Disconnecting battery for winter storage - Page 2 - Ford Mustang Forum
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Originally Posted by Howelldaddy View Post
I have been using Battery Tenders for 32 years, and I have never had an issue with any of them. I am using 3 at the present time. I have found that i get a lot longer battery life with them. The last battery i had to replace was 11 years old.
This is my experience too.

My Harley and a soft top Lotus, would be stored for months with the tender on them - I would put blocks under the wind-shield wipers, old rag in the exhaust and intake, car cover and disconnect the ignition coil - when it was time to start it after many months I'd crank it for a while to get the oil circulating, then reconnect the ignition and allow it to start.

Both the Harley and Lotus have alarms, so sized the Battery Tender one amp higher that that draw.


2015 V6
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Originally Posted by Beechkid View Post
One of the things that I have when I work on my modern cars and that would definitely be safe and work on yours as well is a "Memory Saver" which uses a small 9v battery that connects to the cig lighter and keeps the ECM, alarm systems alive to maintain memory.


https://www.amazon.com/gp/product/B0...?ie=UTF8&psc=1
It's a good, and bad idea. What you are doing by applying voltage to the system via the cigar lighter is placing that voltage on each and every fuse which is always "hot"......as well as the disconnected battery terminals. If you happen to work on any part of the vehicle's systems thus having voltage present, you might have some problems. One of the worst would be deployment of an airbag, which is possible because they are "fired" by discharging a big capacitor; the capacity of your memory saver would not likely be adequate to do that, but it WILL charge up those capacitors..

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Quote:
Originally Posted by Howelldaddy View Post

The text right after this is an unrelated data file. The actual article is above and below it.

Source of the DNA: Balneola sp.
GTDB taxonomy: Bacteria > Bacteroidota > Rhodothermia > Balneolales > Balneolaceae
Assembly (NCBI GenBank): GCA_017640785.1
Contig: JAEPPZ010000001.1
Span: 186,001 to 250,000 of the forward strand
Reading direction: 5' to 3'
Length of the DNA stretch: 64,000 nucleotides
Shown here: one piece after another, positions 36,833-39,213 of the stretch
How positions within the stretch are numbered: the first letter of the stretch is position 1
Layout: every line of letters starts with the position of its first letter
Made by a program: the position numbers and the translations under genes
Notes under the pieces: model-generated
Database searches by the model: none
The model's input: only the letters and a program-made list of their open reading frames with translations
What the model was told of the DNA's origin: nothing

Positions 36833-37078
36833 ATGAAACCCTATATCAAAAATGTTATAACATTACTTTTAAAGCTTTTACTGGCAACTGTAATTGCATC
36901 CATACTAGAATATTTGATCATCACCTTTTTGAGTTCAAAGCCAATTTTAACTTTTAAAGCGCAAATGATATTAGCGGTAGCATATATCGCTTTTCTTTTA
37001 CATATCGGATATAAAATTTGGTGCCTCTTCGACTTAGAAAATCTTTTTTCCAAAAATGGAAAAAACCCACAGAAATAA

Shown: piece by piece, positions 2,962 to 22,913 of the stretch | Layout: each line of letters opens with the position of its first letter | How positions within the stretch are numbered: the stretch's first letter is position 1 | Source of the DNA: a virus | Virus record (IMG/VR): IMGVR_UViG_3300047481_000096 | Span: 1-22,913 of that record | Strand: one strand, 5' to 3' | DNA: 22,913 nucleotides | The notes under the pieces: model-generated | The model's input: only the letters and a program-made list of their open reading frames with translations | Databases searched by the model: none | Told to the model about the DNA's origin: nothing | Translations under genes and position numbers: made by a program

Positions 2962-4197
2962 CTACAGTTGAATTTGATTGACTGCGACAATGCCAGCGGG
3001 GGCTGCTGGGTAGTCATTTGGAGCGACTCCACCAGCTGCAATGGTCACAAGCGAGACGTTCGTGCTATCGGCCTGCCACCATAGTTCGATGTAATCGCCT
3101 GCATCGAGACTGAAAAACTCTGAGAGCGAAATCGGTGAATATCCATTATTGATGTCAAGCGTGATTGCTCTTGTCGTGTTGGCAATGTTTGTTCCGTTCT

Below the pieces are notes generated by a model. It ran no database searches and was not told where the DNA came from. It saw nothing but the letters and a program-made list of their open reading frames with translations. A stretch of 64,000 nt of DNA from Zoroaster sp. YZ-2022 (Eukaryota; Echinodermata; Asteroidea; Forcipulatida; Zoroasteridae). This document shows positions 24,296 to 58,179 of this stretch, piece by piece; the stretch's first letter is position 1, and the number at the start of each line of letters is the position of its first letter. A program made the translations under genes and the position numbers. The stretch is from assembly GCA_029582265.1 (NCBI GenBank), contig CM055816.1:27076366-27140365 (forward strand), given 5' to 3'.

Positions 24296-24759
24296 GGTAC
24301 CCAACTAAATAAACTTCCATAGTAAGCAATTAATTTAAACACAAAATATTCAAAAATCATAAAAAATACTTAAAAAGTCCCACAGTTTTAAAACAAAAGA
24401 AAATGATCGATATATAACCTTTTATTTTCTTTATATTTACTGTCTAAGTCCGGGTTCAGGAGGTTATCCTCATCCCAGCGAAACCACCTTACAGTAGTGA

I have been using Battery Tenders for 32 years, and I have never had an issue with any of them. I am using 3 at the present time. I have found that i get a lot longer battery life with them. The last battery i had to replace was 11 years old.
Same here. Get minimum of 7 years on batteries of vehicles that don't get used a lot (my first set of diesel
truck batteries lasted 10 years and I only replaced them as I started to worry someday, they would go).

I have about 12 of those 1.5 amp trickle chargers (cars, trucks, lawn tractor, bobcat, trailers, etc...).
They stop working here and there, but no other issue.
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This winter will be about 10 or so seasons of storage. It will be the first time with a battery tender. The reason I bought one is I am tired of messing with batteries. To the suggestion of driving, this is a good idea and more to the point of my post. This year the car would not start. Long story short, it was a fuel pump. After some research, I notice there are a lot of fuel pump failures from sitting cars. They were working when I shut them off kind of story. So after I replaced it, I did a postmortem on the pump. I was expecting the failure to be from the commutator being corroded. What I found was the brushes stuck inside their guide housing. So here is my working theory, a car where a pump is being used is vibrating enough to keep the brushes loose, and if allowed to sit will then shellacked in place. Not sure if that is a word, but you get the picture. I included a picture showing the height difference between a stuck brush and a brush that I have set free. The scares on the freed one are from grabbing it with pliers. After freeing the other, I kind of stuck the pump back together and it did spin up. So once they are stuck and wear past contact, then you lose functionality. I would suspect driving one would help prevent this from happening.

Another side note, I was surprised to see the pumps armature is also the pumps impeller. Does not seem like a good idea to run fuel over the brushes, but I guess I have never heard of a gas tank blowing up because of the pump.

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